While they didn’t officially clinch until Sept. 22nd, the Minnesota Twins have known they were heading toward hosting Game 1 of a wild-card series for months. They led the AL Central outright for all but seven days this regular season and never trailed first place by more than a half-game.
What they didn’t know is which team they’d be welcoming to the Twin Cities on Tuesday. Entering the final weekend, as many as four different clubs could’ve been heading their way for Round 1. Ultimately, they drew Toronto, a team that like Minnesota played some of its best baseball in September.
The stakes for the Twins are obvious. They enter with an 18-game playoff losing streak that extends back to the 2004 ALDS. The Twins’ last playoff series victory came in the 2002 ALDS when they eliminated the Moneyball A’s from the postseason (shout-out to Brad Radke, indirect Hollywood star).
For Toronto, securing the final wild-card spot can be seen as a relief as much as any sort of grand success. As one of the last teams to clinch, it was a narrow entrance into the tournament for a loaded roster that had massive preseason expectations. Though they do not carry the weight of a historic postseason skid like Minnesota, there is pressure on the Blue Jays to avoid the disaster of last year’s wild-card round when they were swept at home by Seattle, including blowing an 8-1 lead through five innings of Game 2.
Those Mariners that broke their hearts a year ago will be home watching this time around, the final AL team eliminated. Seeding be damned, the Blue Jays are back in the mix, and absolutely have the talent to go on a real run and make the franchise’s first World Series appearance in 30 years. That’s three rounds away, though, and Minnesota is no pushover. They may not intimidate quite as much as the champion of a historically terrible division, but the Twins finally have an October-caliber pitching staff that matches up with Toronto’s well and an offense that has been one of baseball’s best in the second half, despite a rash of injuries.
Who’s got the edge? Let’s get into it.
When are they playing?
- Tuesday, Game 1: Blue Jays at Twins – 4:38 p.m. ET (ESPN)
- Wednesday, Game 2: Blue Jays at Twins – 4:38 p.m. ET (ESPN)
- Thursday, Game 3 (if necessary): Blue Jays at Twins – 4:38 p.m. ET (ESPN)
The projected pitching matchups:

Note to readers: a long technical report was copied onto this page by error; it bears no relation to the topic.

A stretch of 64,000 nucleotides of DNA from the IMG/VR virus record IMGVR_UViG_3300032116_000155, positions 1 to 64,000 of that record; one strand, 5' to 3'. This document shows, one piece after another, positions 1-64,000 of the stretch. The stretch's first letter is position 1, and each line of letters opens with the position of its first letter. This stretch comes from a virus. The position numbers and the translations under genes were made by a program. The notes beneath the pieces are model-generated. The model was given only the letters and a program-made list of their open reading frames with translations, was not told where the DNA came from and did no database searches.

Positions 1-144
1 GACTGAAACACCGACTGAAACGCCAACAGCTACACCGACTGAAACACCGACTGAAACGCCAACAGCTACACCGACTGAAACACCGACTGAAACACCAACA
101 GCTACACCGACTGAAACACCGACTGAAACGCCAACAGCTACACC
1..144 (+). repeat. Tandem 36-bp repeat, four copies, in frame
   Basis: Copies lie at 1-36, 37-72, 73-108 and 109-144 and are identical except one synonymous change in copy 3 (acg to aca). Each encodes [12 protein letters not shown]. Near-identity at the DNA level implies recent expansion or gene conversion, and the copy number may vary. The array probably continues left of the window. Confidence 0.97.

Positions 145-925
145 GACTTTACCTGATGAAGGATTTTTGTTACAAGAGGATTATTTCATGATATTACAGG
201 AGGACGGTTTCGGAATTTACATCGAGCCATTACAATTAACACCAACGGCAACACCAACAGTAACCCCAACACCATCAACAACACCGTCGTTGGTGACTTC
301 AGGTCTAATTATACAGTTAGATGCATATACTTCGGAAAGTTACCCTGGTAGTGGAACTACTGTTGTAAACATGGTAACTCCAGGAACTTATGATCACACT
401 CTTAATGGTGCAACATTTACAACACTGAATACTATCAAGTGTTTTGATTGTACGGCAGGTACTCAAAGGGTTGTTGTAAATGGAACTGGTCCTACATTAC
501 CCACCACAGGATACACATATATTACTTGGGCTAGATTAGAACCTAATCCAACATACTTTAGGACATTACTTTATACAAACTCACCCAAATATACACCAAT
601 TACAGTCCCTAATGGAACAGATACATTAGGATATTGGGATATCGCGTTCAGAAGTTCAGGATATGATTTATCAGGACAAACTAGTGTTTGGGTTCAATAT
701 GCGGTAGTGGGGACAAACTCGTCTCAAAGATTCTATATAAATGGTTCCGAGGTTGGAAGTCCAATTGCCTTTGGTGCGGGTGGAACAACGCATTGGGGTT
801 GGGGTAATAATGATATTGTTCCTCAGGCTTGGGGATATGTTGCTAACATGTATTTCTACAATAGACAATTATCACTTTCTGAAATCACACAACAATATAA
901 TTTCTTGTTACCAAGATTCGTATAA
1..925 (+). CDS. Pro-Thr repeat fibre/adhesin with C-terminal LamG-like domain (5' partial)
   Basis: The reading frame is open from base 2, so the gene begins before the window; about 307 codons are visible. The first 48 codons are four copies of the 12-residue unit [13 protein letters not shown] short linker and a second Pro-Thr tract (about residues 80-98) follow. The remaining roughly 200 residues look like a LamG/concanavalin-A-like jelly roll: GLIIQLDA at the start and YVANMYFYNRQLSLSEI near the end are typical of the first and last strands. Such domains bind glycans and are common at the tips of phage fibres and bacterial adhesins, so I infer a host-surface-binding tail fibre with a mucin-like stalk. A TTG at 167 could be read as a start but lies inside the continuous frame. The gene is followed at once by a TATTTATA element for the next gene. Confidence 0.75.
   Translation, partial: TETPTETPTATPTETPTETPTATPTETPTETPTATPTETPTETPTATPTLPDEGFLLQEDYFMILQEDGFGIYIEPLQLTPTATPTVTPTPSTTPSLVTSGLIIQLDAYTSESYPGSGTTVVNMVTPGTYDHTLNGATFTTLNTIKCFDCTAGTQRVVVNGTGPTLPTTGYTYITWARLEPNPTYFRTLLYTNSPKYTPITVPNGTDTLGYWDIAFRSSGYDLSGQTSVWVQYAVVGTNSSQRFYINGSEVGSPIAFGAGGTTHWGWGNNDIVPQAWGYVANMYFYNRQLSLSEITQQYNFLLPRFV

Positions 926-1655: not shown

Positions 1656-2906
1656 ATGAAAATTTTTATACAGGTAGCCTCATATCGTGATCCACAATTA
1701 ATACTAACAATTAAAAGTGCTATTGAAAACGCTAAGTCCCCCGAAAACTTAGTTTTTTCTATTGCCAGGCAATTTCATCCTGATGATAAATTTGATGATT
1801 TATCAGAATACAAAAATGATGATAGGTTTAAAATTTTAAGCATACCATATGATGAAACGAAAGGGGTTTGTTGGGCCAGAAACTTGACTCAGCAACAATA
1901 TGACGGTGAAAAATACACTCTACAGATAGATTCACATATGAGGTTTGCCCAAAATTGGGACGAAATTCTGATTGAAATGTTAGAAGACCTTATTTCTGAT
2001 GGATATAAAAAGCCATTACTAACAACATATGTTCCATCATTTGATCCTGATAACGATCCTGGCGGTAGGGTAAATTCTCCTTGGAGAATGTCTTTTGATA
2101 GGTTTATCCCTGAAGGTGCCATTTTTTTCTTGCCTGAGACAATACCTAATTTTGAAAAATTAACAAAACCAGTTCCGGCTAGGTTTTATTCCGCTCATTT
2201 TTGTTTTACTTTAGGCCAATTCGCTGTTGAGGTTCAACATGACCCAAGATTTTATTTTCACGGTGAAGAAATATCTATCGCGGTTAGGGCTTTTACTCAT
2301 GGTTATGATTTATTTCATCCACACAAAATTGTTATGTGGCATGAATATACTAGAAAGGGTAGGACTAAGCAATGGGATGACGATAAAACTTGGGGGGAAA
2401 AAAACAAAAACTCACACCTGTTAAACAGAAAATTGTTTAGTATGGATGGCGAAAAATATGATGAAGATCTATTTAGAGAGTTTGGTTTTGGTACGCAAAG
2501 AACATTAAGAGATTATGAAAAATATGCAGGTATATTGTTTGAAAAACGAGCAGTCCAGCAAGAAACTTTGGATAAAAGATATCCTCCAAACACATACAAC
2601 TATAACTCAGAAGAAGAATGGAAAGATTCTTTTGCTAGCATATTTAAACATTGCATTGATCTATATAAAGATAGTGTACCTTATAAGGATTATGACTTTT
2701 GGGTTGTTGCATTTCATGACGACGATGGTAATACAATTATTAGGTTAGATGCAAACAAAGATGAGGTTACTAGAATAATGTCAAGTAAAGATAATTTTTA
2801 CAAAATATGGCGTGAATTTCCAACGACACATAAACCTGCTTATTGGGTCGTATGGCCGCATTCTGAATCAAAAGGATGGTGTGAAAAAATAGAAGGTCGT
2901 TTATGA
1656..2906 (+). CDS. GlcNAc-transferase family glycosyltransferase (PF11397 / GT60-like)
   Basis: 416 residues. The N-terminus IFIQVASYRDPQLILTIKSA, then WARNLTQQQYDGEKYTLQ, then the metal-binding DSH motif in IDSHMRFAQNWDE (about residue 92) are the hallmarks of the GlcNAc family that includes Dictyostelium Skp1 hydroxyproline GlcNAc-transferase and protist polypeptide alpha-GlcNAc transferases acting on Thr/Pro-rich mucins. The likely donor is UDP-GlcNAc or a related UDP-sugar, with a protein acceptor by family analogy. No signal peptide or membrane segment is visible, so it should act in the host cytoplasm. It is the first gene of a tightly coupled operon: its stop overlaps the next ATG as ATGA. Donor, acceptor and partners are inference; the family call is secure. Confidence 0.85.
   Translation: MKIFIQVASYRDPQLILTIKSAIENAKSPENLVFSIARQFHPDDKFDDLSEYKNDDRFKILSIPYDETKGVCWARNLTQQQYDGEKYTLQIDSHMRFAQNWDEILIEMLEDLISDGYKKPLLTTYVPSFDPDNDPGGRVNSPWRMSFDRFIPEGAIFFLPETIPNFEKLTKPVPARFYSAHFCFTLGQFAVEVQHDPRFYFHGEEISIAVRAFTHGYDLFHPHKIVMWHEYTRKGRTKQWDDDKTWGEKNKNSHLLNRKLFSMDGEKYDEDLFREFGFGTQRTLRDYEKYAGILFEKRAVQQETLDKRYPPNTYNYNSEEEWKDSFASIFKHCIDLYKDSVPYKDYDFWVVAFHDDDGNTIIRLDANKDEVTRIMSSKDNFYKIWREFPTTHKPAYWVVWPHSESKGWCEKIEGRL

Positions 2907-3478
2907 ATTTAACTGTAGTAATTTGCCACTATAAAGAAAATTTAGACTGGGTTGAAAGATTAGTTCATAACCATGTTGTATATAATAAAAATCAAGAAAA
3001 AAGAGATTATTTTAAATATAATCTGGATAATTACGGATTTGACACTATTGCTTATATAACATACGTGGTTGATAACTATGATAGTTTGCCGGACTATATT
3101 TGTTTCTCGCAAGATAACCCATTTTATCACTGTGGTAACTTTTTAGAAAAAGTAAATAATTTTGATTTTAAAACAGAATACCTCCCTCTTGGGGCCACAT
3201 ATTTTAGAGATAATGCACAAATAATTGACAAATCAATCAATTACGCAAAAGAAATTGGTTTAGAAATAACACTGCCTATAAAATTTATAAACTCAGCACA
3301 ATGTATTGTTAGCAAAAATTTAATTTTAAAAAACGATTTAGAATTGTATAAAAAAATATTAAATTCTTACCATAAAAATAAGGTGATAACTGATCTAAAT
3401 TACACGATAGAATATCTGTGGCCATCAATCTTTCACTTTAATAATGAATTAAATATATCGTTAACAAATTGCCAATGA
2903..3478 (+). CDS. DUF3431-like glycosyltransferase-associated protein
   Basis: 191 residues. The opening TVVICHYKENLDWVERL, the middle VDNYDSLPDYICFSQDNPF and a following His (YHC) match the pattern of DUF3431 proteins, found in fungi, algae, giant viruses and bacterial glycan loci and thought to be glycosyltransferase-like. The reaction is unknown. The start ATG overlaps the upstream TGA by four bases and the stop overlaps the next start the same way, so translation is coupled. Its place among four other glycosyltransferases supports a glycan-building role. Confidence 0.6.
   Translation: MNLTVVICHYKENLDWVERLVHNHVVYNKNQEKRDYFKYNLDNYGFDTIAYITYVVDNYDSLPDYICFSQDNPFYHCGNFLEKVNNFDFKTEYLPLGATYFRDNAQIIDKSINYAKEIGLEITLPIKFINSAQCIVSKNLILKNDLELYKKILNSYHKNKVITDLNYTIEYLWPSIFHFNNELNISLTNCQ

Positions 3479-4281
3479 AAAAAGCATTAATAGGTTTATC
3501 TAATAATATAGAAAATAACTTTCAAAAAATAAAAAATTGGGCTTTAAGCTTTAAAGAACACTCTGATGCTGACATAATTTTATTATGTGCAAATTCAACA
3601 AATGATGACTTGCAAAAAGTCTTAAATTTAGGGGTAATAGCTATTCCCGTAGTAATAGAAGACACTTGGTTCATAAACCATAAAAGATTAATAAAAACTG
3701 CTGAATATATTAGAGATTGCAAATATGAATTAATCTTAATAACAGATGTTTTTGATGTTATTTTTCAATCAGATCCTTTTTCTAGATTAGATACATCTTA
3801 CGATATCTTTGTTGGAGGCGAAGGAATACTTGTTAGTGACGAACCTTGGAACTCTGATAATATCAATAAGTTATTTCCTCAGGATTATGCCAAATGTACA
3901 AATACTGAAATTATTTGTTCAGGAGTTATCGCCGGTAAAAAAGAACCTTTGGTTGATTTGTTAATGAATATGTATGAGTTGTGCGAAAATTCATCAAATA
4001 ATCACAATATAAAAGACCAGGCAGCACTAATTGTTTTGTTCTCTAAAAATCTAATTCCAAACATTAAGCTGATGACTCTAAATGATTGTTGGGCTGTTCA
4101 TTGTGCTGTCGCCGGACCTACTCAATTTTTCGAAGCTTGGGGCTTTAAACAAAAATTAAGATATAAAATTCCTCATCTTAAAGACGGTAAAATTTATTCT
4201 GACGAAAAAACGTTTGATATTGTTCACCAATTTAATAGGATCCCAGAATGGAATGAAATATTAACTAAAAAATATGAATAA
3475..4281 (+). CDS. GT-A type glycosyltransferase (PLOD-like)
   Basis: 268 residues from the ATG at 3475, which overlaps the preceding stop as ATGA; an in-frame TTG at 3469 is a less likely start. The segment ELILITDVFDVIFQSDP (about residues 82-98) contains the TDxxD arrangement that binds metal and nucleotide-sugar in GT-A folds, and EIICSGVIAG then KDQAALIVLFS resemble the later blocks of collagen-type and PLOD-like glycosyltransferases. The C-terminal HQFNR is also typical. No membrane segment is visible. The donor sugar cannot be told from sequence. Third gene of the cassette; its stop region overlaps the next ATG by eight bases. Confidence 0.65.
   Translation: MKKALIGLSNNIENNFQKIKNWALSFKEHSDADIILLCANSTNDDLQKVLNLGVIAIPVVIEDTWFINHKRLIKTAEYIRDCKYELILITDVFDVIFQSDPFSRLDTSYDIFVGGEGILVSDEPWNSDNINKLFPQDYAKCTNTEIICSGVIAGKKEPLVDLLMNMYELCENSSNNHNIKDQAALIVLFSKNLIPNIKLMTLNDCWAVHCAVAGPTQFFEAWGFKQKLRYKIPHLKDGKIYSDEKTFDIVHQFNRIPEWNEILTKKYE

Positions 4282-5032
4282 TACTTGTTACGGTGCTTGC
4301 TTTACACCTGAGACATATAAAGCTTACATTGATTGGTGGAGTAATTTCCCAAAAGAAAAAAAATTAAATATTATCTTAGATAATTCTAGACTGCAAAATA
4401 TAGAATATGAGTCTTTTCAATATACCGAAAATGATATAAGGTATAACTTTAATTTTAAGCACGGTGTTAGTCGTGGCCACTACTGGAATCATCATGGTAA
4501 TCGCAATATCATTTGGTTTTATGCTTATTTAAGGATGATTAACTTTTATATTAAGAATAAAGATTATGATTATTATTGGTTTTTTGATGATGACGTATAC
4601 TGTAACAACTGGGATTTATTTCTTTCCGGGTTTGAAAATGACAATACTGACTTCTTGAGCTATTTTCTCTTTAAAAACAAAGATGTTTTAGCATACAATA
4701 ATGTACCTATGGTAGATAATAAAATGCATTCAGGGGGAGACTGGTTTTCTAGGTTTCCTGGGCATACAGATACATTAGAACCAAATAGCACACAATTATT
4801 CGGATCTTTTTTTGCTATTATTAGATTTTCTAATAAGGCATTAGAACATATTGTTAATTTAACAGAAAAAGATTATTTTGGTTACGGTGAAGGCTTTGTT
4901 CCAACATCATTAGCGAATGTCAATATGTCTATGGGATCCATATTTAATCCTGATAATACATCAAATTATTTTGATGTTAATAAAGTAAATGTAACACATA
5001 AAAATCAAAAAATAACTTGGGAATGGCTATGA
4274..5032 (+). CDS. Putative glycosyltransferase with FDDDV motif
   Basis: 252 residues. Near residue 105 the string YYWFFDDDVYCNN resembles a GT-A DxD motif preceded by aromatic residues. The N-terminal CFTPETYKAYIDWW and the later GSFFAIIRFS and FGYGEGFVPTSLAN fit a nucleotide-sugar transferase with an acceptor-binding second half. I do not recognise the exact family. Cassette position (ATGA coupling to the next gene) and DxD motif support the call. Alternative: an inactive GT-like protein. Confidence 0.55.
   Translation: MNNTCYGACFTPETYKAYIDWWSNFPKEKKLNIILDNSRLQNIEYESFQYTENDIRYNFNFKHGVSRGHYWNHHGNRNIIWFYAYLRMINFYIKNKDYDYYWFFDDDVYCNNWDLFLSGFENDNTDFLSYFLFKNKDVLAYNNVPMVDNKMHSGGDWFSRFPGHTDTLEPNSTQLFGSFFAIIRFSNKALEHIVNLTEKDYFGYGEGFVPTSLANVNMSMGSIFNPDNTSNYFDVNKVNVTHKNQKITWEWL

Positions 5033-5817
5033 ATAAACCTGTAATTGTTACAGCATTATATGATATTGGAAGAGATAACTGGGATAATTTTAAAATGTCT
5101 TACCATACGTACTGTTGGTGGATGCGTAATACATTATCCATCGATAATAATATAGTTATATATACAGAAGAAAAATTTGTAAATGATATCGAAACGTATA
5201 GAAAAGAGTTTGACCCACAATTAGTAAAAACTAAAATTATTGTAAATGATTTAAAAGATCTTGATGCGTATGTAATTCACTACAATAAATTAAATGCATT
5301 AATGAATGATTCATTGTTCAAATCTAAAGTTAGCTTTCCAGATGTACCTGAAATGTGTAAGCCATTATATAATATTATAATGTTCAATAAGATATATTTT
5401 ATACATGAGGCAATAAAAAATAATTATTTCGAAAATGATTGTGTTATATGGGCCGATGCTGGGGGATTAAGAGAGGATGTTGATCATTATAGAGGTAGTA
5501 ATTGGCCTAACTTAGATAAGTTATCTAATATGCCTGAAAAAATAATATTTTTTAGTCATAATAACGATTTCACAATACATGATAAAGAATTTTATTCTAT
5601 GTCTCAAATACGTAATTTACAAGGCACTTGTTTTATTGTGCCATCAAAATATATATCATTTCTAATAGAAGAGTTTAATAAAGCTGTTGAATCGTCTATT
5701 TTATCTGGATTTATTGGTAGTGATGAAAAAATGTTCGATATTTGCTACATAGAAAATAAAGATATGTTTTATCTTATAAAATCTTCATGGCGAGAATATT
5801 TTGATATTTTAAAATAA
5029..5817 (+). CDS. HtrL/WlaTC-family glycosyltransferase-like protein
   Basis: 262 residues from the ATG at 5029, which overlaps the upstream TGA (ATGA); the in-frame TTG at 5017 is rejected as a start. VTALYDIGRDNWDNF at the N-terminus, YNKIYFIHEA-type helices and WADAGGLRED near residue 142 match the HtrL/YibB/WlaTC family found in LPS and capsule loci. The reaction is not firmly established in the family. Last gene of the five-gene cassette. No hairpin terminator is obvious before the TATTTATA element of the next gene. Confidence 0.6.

These are the most balanced pitching pairings of any of the four wild-card series, and also feature some tremendous storylines. Gausman led all AL starting pitchers in fWAR, while Lopez ranked fifth. Game 2 starter Gray ranked second in the AL in fWAR, and he matches up with a right-hander in Bassitt who finished second in the AL in innings with a career-high 200 frames and tied for first in wins with 16. I’d lean Gray on an inning-by-inning basis, though Bassitt seems more likely to go deeper. Both Gray and Bassitt boast some of the deeper arsenals of any starter in the postseason; you’ll see at least five different pitches from each of them, making for a compelling watch as the game unfolds.
And then there’s Berríos, who started two playoff games for Minnesota during its losing streak, one in 2019 and one in 2020, with mixed results. Now he could potentially take the mound in a winner-take-all against the franchise that drafted him. Ryan’s 4.51 ERA is worse than he’s pitched; his 24.3% K/BB% is best in the AL among qualified starting pitchers.
As for the bullpens, the Blue Jays have performed better over the course of the whole season — they are one of just two postseason teams alongside the Brewers whose ERAs rank in the top eight among both starters (3.89; third) and relievers (3.68; eighth).
That said, Minnesota’s relief corps has been stronger as of late and has added some intriguing pieces in recent weeks in the form of Chris Paddack and Brock Stewart returning from injury. It’s not just the Jhoan Duran show back there anymore. Don’t sleep on this unit.